Tools to Evaluate Student Needs
The most up-to-date assessment tools to evaluate a student's needs and abilities in the inclusive classroom remain in the educational software category. Teachers' days of traipsing through mountains of student-evaluation reports (often offering a limiting and misleading view of capabilities) are over. Today the advent of computer-generated evaluations makes assessment easy. Wide varieties of these paperwork-reducing software evaluations are Web-based online with no need for installed hardware or software. No training is required, which lessens technological stress for teachers and parents. Flexible and easily accessible technological augmentation supplies a quick, uniform and systematized method to analyze and present student evaluations
Instructors only need the most recent Adobe Flash player to identify at-need students and customize individual lesson plans to further improve the quality of teaching and evaluation. Gauging the skills of learners through software evaluations assesses individual proficiency and need. This assures learners remain on the right track in the inclusive classroom to support individual goals. The inclusive classroom – which places students with disabilities in regular classrooms – benefits from technology-augmented interim and formative inclusive classroom educational software evaluations. The technology is a decisive answer to step-up learner performance and reaching attainable outcomes. These alternate and effective software evaluations assess a student's work or understanding of a concept or lesson. An instructor can then make a judgment of student concept comprehension to track the progress of learners. Educational software simplifies an otherwise complex evaluation task.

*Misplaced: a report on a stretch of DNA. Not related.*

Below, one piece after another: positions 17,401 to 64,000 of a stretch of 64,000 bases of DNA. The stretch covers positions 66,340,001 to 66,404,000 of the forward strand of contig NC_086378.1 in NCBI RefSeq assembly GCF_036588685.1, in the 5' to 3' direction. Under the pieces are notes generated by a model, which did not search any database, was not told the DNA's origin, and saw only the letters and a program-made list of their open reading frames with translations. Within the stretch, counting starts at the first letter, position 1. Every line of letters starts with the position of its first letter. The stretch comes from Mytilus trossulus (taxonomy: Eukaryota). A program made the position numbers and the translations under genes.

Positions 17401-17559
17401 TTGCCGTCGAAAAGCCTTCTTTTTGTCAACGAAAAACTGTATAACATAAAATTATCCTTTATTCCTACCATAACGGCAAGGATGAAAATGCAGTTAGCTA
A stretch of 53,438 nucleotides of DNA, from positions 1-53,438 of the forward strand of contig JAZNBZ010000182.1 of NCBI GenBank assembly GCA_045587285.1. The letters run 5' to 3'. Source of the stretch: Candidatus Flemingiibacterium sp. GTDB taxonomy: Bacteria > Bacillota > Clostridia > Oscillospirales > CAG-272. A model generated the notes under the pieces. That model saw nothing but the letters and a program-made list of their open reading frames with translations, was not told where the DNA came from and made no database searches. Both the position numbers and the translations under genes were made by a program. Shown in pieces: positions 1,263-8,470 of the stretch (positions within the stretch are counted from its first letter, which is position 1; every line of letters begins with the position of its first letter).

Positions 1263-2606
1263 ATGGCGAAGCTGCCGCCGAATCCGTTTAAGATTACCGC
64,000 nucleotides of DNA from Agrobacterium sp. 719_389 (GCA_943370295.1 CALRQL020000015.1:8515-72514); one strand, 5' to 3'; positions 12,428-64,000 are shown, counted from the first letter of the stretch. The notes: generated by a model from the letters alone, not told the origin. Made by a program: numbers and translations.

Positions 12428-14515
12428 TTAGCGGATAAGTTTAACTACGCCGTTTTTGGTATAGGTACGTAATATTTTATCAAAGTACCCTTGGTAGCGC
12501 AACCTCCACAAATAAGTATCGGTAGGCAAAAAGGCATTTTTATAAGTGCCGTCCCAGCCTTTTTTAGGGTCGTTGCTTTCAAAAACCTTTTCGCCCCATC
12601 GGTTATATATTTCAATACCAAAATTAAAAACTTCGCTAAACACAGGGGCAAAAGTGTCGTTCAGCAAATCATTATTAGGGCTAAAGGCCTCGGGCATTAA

Adjust Student Instruction
This type of software assessment enables the instructor to judge competencies on the merits of student work collectively instead of raw test scores. The software documents student achievement through portfolio formats, checklists, custom reports and the ability to add comments. Student portfolios are maintained in electronic format to get an electronic snapshot or picture of collective learner progress (work) to show parents. A significant software component is the ability to combine student-performance data. With a mere glance, instructors can ascertain learners' progress (or lack of it). Ideally, the educational software proves strikingly efficient in the area of IEP's (Individual Education Plans) of special education students. The support offered to special education students and others in the inclusive classroom is instrumental for authentic evaluation of student achievement.
Companies like Pearson and McGraw Hill remain among the leaders in educational software. McGraw Hill offers a solution that is similar to most educational software evaluations: Acuity Informative Assessment to improve learner achievement. The software's diagnostic and predictive assessments easily integrate into the classroom. It reflects student progress to provide details about student strengths and instructional needs. Most importantly, Acuity Informative Assessment allows the teacher to customize evaluations relative to curriculum goals and state standards. Teachers can evaluate their inclusive classroom a number of ways: student-response devices, paper and pencil or online. Student achievement is maximized based on individual and class results by the suggestion of practice activities, targeted instruction and intervention. Instructors can then modify individual instruction.